The computer 1110 may also include other removable/nonremovable, volatile/nonvolatile computer-storage media. By way of example only,
The drives and their associated computer-storage media discussed above and illustrated in
A display device 1191 is also connected to the system bus 1121 via an interface, such as a video interface 1190. Display device 1191 can be any device to display the output of computer 1110 not limited to a monitor, an LCD screen, a TFT screen, a flat-panel display, a conventional television, or screen projector. In addition to the display device 1191, computers may also include other peripheral output devices such as speakers 1197 and printer 1196, which may be connected through an output peripheral interface 1195.
The computer 1110 will operate in a networked environment using logical connections to one or more remote computers, such as a remote computer 1180. The remote computer 1180 may be a personal computer, and typically includes many or all of the elements described above relative to the computer 1110, although only a memory storage device 1181 has been illustrated in
When used in a LAN networking environment, the computer 1110 is connected to the LAN 1171 through a network interface or adapter 1170. When used in a WAN networking environment, the computer 1110 typically includes a modem 1172 or other means for establishing communications over the WAN 1173, such as the Internet. The modem 1172, which may be internal or external, may be connected to the system bus 1121 via the network interface 1170, or other appropriate mechanism. Modem 1172 could be a cable modem, DSL modem, or other broadband device. In a networked environment, program modules depicted relative to the computer 1110, or portions thereof, may be stored in the remote memory storage device. By way of example, and not limitation,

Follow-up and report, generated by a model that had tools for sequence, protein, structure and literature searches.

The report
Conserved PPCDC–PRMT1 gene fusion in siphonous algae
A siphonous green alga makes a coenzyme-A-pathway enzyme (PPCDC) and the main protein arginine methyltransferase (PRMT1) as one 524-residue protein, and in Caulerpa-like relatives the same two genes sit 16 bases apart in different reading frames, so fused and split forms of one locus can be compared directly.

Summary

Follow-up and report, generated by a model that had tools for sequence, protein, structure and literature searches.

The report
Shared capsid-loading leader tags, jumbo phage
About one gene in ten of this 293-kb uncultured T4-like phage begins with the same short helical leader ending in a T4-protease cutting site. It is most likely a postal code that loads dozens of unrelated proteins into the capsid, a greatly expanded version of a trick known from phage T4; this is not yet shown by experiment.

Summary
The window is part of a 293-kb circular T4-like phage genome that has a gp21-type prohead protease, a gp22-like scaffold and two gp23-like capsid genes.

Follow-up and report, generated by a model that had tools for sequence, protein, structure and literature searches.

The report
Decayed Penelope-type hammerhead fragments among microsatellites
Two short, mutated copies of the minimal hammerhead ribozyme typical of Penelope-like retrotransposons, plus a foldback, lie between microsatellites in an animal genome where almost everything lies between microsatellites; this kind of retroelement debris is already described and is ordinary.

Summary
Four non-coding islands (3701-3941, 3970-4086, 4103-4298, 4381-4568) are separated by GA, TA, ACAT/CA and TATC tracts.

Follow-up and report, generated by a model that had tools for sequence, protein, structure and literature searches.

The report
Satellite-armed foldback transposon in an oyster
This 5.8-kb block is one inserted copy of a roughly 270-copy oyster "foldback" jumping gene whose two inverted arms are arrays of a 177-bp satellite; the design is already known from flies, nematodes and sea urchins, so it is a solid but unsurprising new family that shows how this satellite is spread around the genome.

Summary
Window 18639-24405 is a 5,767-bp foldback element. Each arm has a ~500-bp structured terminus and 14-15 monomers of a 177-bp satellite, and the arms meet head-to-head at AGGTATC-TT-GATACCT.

Although many other internal components of the computer 1110 are not shown, those of ordinary skill in the art will appreciate that such components and the interconnections are well-known. For example, including various expansion cards such as television-tuner cards and network-interface cards within a computer 1110 is conventional. Accordingly, additional details concerning the internal construction of the computer 1110 need not be disclosed in describing exemplary embodiments of the pseudo bid auction process.
When the computer 1110 is turned on or reset, the BIOS 1133, which is stored in ROM 1131, instructs the processing unit 1120 to load the operating system, or necessary portion thereof, from the hard disk drive 1141 into the RAM 1132. Once the copied portion of the operating system, designated as operating system 1144, is loaded into RAM 1132, the processing unit 1120 executes the operating system code and causes the visual elements associated with the user interface of the operating system 1134 to be displayed on the display device 1191. Typically, when an application program 1145 is opened by a user, the program code and relevant data are read from the hard disk drive 1141 and the necessary portions are copied into RAM 1132, the copied portion represented herein by reference numeral 1135.